What are Aphra Behn's attitudes towards race in the beginning of "Oroonoko" where she describes the native inhabitants, as opposed to in the end where she describes the native again quite differently?
Oroonoko is the tragic story of slavery, love, and death. Behn's ability to describe the natives in such amazing detail, gives us interesting details about how she felt about race. At the beginning of the story, the natives are described in a beautiful, friendly manner. She describes in a very gentle way, how the slaves are brought to the English colony, giving us the impression that they were all treated good and fair. She goes on to describe how she and the other missionaries had such a good relationship with the natives:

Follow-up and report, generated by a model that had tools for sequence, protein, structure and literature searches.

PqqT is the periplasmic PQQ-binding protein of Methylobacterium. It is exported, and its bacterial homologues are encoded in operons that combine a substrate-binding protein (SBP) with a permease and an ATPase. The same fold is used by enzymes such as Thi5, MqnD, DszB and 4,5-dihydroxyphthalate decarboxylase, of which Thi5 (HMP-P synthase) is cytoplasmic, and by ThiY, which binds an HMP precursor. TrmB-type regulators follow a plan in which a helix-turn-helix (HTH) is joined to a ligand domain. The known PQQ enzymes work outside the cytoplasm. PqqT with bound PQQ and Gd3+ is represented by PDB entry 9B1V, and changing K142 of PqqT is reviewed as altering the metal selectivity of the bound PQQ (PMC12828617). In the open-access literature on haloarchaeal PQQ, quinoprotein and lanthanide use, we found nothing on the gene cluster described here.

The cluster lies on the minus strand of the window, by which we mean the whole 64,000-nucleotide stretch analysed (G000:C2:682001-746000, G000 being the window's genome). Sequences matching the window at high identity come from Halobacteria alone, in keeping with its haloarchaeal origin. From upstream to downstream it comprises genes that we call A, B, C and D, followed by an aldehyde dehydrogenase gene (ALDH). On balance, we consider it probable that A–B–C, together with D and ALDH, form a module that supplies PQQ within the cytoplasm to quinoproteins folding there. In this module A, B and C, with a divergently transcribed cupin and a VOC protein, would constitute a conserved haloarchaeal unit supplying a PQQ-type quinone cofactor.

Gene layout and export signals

"Tis fir I tell you the manner of bringing them to these new colonies; how they make use of not being natives of the place: for those we live with in perfect amity, with out daring to command 'em, but, on the contrary, caress 'em with all the brotherly and friendly affection in the world."
At the beginning of the story she talks about how the natives and the slaves live in unity together. She does go on to tell us the story of when she met Oroonoko. He was a beautiful...
(The entire section contains 720 words.)
check Approved by eNotes Editorial